WASHINGTON, D.C. — The Society for Human Resource Management (SHRM) holds a panel on state and national drug law each year at its employment law and legislative conference, but this year, shifts in state law — and deep tragedy — have brought the issue to the forefront.
James Reidy, attorney at Sheehan Phinney Bass & Green PA, jokingly said he’s become known as the “pot lawyer” partly thanks to the wave of marijuana laws and court precedent that has forced employers to reconsider their drug and alcohol policies and testing procedures. At the same time, the opioid crisis continues to rout communities and is draining employers of talent and productivity dollars, prompting many into action.
What’s an employer to do? That’s the question of the day.
Federal action isn’t clarifying matters much. Earlier this year, U.S. Attorney General Jeff Sessions rolled back the 2013 Obama-era Cole memo that essentially relaxed federal enforcement of marijuana law on states that had legalized its use. So far, employers don’t have much detail on how this newly sparked conflict between state and federal law will look.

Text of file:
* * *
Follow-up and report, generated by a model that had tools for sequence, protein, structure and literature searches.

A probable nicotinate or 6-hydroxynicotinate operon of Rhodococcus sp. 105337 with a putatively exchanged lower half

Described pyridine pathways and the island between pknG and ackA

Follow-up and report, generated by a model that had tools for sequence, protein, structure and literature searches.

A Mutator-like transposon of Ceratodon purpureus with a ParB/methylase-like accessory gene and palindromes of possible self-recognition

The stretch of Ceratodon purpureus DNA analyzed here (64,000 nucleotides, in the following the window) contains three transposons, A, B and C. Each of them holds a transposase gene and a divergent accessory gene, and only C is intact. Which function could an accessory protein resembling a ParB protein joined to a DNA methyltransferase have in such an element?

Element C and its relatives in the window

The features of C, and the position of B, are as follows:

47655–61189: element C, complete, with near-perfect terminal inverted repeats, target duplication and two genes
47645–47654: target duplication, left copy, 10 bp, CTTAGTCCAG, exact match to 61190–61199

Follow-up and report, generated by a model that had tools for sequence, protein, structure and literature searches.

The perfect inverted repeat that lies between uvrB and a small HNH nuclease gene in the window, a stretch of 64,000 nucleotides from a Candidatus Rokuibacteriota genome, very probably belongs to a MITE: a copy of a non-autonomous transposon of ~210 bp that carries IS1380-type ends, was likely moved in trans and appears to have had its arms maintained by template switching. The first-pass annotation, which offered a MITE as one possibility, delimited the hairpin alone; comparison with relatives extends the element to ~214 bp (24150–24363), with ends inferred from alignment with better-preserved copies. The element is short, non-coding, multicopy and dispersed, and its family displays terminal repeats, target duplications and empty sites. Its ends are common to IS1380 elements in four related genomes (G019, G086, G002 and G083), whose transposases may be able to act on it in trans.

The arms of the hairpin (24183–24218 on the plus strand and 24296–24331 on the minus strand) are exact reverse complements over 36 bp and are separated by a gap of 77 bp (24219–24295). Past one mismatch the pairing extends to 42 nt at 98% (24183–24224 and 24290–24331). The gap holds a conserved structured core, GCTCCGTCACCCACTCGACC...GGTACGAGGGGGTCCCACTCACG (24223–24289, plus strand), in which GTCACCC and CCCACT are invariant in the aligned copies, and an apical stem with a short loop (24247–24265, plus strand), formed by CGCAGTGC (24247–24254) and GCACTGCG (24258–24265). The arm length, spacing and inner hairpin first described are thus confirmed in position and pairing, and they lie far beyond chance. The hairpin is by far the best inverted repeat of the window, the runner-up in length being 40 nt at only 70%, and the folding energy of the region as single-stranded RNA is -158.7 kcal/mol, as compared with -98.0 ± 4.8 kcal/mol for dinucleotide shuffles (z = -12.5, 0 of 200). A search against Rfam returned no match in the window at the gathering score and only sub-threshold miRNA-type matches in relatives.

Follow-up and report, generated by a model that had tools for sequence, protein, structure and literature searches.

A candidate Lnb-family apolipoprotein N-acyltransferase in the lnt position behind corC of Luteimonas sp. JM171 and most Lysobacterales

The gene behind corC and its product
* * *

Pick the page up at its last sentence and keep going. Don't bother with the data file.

But on a personal level, social mores on marijuana continue their massive sea change, and in a tight labor market, its now almost a liability in some workplaces to have a zero tolerance policy on drug use, Reidy said. While CEOs still tend to opt for termination over rehabilitation for drug use, the reality is that employers may not be able to afford to do so while recruitment and retention remain a key HR concern.
During the panel, many attendees reported they mandated post-accident drug testing, reasonable suspicion testing and random testing, but Reidy noted that national numbers on all three practices were trending downward. If anything, employers may need to reconsider their drug testing and use policies — both to accommodate changing marijuana law and to reach out to those struggling with addiction.
By the numbers
If an HR manager hasn’t dealt with a drug issue at their workplace yet, its likely they will very soon. According to stats that Reidy shared:
28.6 million people used an illicit drug in the prior month and 24 million of those had used marijuana; and
71% of employers are impacted by prescription drug abuse but 81% of employers lack a comprehensive drug-free workplace policy (though Reidy said he doubts that stat).
Employers are dealing with the whole spectrum of drug use, from …read more